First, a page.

Massachusetts Workers' Compensation Temporary Total Disability Is About to Run Out. What Happens Now?

A common concern for an injured worker in Massachusetts is what happens when he or she is receiving temporary total incapacity benefits, but those benefits are about to expire. For serious work-related injuries, this may become an issue and something that must be considered well before the temporary total disability benefits end.

The goal in a workers’ compensation case under these circumstances is for the injured worker to continue to collect disability benefits without any gaps in between. An experienced Massachusetts workers’ compensation attorney will be able to review your accident, injuries and claim and advise on how avoid any periods without collecting disability benefits.

Summary of Temporary Total Disability Benefits

Under the Massachusetts Workers’ Compensation Act (M.G.L. c. 152), temporary total incapacity benefits are available to an injured worker who is unable to engage in any work following his or her work-related accident. An injured worker who remains temporarily totally disabled from all work would be eligible to collect temporary total disability benefits.

The employee's temporary total disability compensation rate is calculated as 60% of his or her average weekly wage. These workers’ compensation benefits are available for up to 156 weeks (or three years).

What Happens When Temporary Total Disability Benefits Expire?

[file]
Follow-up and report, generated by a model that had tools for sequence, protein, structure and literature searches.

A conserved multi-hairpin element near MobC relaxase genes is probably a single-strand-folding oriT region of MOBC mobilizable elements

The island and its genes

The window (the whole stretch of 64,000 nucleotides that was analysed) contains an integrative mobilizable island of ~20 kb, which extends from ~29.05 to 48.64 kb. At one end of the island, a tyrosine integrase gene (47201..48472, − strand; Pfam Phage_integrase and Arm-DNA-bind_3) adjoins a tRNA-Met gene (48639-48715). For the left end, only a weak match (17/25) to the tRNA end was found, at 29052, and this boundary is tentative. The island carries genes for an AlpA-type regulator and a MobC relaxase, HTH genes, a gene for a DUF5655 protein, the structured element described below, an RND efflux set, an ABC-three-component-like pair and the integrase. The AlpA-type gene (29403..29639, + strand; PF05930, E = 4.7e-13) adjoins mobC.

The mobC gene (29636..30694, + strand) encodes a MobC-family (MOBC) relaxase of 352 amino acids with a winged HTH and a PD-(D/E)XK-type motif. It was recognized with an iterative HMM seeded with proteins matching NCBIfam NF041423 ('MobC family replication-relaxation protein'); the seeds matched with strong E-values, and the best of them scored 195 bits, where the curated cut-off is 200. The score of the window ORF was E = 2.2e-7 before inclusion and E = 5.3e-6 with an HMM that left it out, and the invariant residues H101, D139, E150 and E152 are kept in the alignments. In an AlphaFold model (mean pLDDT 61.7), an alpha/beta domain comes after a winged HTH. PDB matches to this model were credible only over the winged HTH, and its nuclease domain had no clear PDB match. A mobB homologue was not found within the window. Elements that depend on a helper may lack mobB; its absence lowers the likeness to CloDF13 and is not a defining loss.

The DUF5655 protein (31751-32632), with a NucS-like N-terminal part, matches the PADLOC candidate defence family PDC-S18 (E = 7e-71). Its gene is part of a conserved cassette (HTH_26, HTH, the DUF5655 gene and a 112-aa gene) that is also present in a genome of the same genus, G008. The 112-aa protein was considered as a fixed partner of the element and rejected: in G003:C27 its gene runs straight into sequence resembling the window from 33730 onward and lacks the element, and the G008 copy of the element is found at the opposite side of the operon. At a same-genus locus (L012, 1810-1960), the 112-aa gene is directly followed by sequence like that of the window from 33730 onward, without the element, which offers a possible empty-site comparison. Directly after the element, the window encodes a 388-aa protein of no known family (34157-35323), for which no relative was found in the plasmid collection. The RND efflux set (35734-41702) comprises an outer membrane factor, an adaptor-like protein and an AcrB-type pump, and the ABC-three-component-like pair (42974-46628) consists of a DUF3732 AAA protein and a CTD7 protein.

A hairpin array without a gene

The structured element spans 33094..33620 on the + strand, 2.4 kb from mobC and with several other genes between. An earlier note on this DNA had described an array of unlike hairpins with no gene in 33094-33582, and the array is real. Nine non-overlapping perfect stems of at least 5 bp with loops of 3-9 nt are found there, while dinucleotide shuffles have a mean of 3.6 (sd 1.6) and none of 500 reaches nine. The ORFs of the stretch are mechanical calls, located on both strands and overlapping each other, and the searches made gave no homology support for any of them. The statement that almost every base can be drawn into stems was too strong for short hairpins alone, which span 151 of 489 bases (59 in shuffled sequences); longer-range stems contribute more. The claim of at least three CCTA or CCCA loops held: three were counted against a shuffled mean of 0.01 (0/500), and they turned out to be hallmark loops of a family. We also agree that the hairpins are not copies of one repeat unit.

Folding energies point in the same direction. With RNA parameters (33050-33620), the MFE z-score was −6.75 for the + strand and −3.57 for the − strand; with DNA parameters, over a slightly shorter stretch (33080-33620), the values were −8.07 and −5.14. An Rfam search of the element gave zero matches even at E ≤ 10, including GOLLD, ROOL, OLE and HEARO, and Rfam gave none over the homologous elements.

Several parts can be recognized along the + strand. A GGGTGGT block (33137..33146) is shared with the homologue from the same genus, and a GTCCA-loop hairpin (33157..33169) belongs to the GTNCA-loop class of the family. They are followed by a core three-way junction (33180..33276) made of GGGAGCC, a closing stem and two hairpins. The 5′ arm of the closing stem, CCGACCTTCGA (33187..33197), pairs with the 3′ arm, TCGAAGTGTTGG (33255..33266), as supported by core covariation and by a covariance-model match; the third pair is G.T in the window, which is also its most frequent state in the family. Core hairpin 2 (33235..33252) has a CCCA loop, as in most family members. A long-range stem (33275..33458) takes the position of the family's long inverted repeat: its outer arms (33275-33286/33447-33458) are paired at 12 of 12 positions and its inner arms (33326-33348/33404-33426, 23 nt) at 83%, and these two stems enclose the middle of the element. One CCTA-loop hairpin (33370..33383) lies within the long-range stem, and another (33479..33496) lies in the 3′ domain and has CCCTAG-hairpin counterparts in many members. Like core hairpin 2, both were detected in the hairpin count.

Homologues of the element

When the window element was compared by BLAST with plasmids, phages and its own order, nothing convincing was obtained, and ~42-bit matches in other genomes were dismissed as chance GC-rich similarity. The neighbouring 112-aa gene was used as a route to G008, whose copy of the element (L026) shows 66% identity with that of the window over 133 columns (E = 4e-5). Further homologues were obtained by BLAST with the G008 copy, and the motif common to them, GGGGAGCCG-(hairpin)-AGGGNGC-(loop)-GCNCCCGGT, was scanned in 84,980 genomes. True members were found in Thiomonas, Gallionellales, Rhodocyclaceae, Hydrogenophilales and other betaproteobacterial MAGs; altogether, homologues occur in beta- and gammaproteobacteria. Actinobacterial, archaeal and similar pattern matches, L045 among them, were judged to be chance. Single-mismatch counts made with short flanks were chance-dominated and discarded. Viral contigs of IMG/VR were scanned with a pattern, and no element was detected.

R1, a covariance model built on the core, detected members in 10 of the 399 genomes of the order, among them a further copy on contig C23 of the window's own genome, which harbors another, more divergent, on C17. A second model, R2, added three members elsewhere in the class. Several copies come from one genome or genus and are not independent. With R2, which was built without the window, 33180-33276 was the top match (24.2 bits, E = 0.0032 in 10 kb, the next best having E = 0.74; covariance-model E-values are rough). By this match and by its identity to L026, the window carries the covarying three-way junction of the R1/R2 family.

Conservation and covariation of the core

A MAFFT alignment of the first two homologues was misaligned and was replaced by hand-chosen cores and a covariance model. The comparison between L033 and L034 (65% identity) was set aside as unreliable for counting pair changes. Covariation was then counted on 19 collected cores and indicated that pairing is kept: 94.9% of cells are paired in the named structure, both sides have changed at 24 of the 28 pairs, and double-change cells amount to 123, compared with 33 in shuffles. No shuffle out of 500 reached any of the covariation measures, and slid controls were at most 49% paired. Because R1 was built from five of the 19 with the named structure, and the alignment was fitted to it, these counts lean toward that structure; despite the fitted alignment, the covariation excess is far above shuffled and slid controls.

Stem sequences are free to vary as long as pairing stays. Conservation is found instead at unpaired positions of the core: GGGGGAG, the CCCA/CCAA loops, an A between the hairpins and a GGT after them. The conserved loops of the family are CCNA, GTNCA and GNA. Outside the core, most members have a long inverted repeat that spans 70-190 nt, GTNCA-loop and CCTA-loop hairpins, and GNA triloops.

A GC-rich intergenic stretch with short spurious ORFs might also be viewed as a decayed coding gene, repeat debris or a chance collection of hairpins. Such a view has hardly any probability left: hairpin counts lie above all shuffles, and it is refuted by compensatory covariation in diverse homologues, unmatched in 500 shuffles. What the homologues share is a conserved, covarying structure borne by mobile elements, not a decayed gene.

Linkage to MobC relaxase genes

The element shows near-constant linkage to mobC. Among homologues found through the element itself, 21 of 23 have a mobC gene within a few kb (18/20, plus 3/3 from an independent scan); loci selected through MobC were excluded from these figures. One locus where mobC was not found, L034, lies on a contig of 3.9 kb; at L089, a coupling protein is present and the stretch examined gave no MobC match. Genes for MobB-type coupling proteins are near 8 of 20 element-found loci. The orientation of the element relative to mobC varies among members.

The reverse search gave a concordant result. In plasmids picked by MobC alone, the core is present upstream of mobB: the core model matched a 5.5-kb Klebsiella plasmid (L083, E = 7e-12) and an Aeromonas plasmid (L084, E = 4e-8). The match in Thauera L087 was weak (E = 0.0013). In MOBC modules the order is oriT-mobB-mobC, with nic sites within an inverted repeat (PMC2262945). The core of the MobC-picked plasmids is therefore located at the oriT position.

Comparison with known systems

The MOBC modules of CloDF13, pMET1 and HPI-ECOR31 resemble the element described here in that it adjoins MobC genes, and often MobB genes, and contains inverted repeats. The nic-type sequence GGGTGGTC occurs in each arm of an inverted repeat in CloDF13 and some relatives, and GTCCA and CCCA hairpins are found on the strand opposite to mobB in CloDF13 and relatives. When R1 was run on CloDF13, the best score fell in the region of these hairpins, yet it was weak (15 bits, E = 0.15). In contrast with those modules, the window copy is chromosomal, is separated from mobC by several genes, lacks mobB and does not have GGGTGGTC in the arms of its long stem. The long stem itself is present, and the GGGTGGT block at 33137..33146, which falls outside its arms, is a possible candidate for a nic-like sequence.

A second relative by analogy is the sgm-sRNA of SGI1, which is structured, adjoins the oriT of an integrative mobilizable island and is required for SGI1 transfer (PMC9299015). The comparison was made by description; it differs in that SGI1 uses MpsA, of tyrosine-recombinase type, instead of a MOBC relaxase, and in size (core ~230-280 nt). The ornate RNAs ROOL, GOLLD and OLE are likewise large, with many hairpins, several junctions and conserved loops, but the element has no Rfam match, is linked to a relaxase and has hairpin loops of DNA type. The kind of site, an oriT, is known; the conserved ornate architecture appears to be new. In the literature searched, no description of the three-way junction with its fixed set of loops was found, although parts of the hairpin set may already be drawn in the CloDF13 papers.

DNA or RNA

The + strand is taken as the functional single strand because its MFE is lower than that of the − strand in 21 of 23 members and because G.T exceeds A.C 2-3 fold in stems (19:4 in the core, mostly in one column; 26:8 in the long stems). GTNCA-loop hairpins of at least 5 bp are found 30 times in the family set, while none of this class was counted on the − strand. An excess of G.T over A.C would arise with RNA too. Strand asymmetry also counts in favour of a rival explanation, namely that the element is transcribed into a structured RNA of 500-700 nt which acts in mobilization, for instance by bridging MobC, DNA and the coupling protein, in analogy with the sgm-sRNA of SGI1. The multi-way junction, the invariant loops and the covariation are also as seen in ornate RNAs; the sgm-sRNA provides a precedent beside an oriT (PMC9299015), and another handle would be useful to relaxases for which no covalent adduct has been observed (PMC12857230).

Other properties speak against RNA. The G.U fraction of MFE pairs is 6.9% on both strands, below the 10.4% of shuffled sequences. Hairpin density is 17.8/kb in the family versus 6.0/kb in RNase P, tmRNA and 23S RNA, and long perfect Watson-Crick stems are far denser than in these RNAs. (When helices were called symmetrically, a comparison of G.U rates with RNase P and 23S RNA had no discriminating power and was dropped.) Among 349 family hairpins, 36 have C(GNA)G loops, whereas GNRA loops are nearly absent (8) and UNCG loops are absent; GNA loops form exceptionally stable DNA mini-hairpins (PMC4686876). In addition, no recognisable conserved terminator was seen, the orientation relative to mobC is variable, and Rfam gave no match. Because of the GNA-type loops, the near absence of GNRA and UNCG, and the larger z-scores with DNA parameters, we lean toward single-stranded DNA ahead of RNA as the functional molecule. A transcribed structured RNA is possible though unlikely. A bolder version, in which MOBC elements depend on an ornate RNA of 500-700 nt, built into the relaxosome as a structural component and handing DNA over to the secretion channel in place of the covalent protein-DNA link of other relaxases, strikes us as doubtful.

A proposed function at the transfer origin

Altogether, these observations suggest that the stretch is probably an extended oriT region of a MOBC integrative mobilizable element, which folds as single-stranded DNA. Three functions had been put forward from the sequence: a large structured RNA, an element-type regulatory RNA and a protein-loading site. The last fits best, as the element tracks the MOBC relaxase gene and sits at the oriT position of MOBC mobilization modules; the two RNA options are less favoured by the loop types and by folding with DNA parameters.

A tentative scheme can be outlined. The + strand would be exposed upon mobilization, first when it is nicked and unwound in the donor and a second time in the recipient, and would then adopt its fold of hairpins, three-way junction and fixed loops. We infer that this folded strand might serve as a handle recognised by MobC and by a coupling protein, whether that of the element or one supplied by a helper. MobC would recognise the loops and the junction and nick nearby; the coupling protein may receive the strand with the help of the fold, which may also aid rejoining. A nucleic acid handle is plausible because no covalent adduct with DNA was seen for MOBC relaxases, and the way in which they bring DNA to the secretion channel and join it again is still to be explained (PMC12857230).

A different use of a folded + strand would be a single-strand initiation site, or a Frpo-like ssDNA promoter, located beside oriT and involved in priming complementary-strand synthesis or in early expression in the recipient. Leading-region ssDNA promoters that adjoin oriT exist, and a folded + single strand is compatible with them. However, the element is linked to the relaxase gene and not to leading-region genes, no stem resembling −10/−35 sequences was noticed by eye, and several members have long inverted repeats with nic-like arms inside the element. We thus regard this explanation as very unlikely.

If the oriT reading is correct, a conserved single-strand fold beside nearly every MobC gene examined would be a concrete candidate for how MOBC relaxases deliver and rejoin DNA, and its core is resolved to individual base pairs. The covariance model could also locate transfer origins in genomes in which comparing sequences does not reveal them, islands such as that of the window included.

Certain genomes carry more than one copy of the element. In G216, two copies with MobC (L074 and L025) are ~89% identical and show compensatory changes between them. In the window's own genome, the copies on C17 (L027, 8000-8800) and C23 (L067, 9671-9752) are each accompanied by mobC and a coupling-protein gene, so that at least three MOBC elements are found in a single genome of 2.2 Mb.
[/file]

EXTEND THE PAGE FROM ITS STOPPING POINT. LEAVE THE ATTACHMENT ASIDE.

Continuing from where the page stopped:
As stated above, temporary total disability benefits are available to qualifying injured workers for up to three years. When an injured employee collects all 3 years of temporary total disability benefits, there are a few things that can happen.

In one situation, the benefits would end after collecting all three years of temporary total disability benefits. This means the injured worker may not continue to receive any further workers’ compensation disability benefits after that point. An injured worker should be aware of this to prepare for the expiration of the total disability benefits so that they are not left with no money or benefits coming in while they are still disabled and out of work.

In another situation, the workers’ compensation insurance company may agree to voluntarily pay the injured worker temporary partial disability benefits pursuant to M.G.L. c. 152 § 35 or permanent and total disability benefits pursuant to §34A. This decision would obviously depend on the extent of the injured worker’s injury and disability.

The Insurance Company May Not Agree to Voluntarily Pay Further Benefits

In some cases where an injured worker collects all his or her total disability for the available 156 weeks (or 3 years), the workers’ compensation insurance carrier may refuse to voluntarily pay any other available disability benefits. The injured worker is not out of luck in these situations.